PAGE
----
The Praetorian Tap

Fictional writing related to Limit Theory, for the creative among you!

The Praetorian Tap

Postby Draglide12 » Wed May 18, 2016 11:16 pm

The foundation legends tell us that our world and our people were once separate things. The first immortals were not made unto our world, but were brought here; snatched up by the gods to populate their new creation. The legends say that as a reward for their coming, each immortal was given one gift. They could let their imagination run free. Any one thing they wanted, they need only ask, and the gods would make it so. The immortals asked for many things. Mundane and miraculous, comical and austere. Millions of artifacts, timeless, all powerful, indestructible. Stories are still told of these mythic wonders. Treasure hunters still sail to the edges of the world searching for them, hoping to gain their myriad powers for themselves.

One object however is more coveted than all others, if one believes that it still exists. Perhaps the most devious of all the gifts, a request by surely the most cunning mind. The Praetorian Tap. Some of the immortals asked for staffs of great power, allowing them to cast fire, or summon storms. Some asked the gods for master keys, capable of unlocking any door. Others still asked for powerful wings, to allow them to soar through the sky, or mighty ships to carry them eternally across the seas. Not one, however. One immortal, whose name is lost to time, requested of the gods a great tap. A splendorous fountain, a bottomless well. White and blue and gold he asked it stand eternally on the ground in the city he built around it. Its waters were forever clear and clean, and upon drinking granted extraordinary gifts. It could extend the lives of mortals, cure any disease, and heal any injury. But there was a catch. Any oath sworn to the waters of the tap, could never be broken.

This immortal gave the gifts of the tap generously. He brought upon himself the aching and weary, the crippled and old. They came to the tap, drawn to its healing powers, and he let them drink of it freely, on a single condition. To drink the waters, they must swear to him eternal loyalty. They may carry on their ordinary lives. They may love and war and build, but when he calls, they must come. And they came. The miserable and helpless of the world came to him by the thousands, and each on their arrival raised their cups in oath to their new master, and drank.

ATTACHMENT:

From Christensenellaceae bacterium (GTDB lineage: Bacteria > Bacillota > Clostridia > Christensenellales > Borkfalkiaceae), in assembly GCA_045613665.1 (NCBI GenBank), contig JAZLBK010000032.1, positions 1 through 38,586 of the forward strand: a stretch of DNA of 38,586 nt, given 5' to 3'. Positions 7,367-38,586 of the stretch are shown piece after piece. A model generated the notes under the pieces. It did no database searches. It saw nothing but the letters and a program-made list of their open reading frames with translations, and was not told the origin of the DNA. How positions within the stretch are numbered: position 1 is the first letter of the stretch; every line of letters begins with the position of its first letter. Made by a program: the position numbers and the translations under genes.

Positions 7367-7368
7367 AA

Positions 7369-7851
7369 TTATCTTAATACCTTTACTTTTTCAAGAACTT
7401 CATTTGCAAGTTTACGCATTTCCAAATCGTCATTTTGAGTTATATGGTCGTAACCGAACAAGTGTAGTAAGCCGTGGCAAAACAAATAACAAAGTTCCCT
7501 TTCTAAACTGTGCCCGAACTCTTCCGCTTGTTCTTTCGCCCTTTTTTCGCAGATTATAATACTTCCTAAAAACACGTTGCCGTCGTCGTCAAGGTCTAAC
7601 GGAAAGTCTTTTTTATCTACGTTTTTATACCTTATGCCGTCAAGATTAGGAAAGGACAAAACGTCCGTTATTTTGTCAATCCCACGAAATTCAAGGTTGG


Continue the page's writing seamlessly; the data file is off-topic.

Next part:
The legends say this immortal was once a generous man, and just lord. Time, and power, however warped his mind. As his legions of slaves grew, he became drunk by the power of the tap, became accustomed the the unquestioning obedience of all around him. He craved it more than anything, this total control. It consumed him, as his followers consumed the waters of the tap.

In time he became discontent with the slow trickle of new subjects. It was not enough that only the unfortunate and desperate should come to drink of his fountain. Why not should all men bow to the power of one so wise and cunning? So, he brought war to the world. He spread across the land and seas suffering and misery as far as his influence could reach, as far as his blackened soul could cast its twisted glare. He burned crops, and poisoned wells. He razed cities, and castles, and farms, and all things in between. He wrought terrible ruin on all, those who stood in his way were crushed, those who fled were hunted.